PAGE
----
Larkin Moffatt (Edmond O'Brien) once made a mistake and stole some money, intending to give his lady love Josephine (Laura Elliot) the finer things in life. Larkin couldn't go through with it and returned the money, but Charles Storrs (Richard Arlen) punishes Larkin by relentlessly hounding Larkin out of jobs all over the West, even though Storrs also ended up marrying Larkin's girl.
Larkin finally establishes a business as an assayer and then as the foreman working a silver claim for Dutch Surrency (Edgar Buchanan) and his lovely daughter Candace (Yvonne DeCarlo). All would be well except that Jarboe (Barry Fitzgerald), who leased the land to Dutch and Candace, wants the claim for himself, and he and his black-clad henchman (Michael Moore) don't care if Larkin has to be killed in the process. Storrs showing up in town complicates matters even more.
It's a fairly standard-issue story, but the cast is attractive and there are a couple good action sequences bookending the film. More time could have been spent explaining Larkin's character and how a nice guy could have made such a big mistake at the outset -- Josephine hardly seems worth the effort -- and more development of the relationship of Larkin and Candace would have been welcome as well. However, what did make it onscreen is enjoyable, particularly a scene where Candace has reason to think Larkin might return her interest and becomes quite flustered when he shows up at her home. DeCarlo is at her best when her roles are infused with a bit of humor, as is the case here.
This was one of several films Laura Elliot appeared in in 1951, her best-known role being the ill-fated Miriam in STRANGERS ON A TRAIN (1951). She's effective as a bored shrew who marries for financial security but quickly regrets it.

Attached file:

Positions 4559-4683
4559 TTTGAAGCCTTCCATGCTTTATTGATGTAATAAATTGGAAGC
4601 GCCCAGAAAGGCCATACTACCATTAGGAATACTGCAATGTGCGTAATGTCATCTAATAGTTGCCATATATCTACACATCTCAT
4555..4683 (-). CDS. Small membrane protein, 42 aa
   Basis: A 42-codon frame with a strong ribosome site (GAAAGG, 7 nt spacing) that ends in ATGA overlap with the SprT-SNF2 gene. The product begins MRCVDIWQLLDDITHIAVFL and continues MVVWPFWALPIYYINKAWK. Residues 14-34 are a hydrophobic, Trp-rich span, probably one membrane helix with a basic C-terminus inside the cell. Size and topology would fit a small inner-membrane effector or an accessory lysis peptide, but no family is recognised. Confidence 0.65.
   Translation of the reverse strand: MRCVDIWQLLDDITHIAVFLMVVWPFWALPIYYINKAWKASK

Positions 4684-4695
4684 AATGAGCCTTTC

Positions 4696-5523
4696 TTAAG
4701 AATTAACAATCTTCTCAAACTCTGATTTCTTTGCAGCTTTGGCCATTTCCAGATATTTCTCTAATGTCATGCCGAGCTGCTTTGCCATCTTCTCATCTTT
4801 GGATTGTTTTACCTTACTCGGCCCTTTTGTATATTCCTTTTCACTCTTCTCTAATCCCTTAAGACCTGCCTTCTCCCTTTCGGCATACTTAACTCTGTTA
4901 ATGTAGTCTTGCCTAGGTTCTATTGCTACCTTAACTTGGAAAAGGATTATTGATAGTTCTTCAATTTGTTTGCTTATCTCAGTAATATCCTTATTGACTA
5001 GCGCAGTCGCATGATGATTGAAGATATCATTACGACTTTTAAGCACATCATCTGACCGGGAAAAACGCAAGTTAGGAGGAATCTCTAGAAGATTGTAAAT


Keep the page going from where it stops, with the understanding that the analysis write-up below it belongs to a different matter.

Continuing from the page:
Incidentally, there seems to be some confusion about the spelling of Elliot's name. It's spelled with one "t" in the opening credits, but two "t's" on the DVD box and at IMDb. Based on the IMDb listing, it looks like both spellings were used over the years. She later ditched the entire name and continued her acting career under the name of Kasey Rogers, with one of her best-known roles being Louise Tate on BEWITCHED.
This 90-minute film was directed by Byron Haskin. Ray Rennahan shot the film in Technicolor at locations which included Sonora, California. The supporting cast includes Gladys George in a small but colorful role as a sarcastic hotel owner who makes it her business to thwart Josephine's every wish.
Frank Gruber's screenplay was based on a story by Luke Short. Although this wasn't one of the stronger films based on a Short story, he had a great track record, as described in my post on CORONER CREEK (1948).
Although the film has a bit of the look of early '50s Universal Westerns, including colorful opening title cards, SILVER CITY is a Paramount film. It's available in a fine-looking DVD from Olive. I noticed one jumpy digital glitch, which might have been my DVD rather than the print itself; otherwise, the movie looks terrific.
Glenn Erickson favorably reviewed Olive's Blu-ray edition of the film at DVD Savant.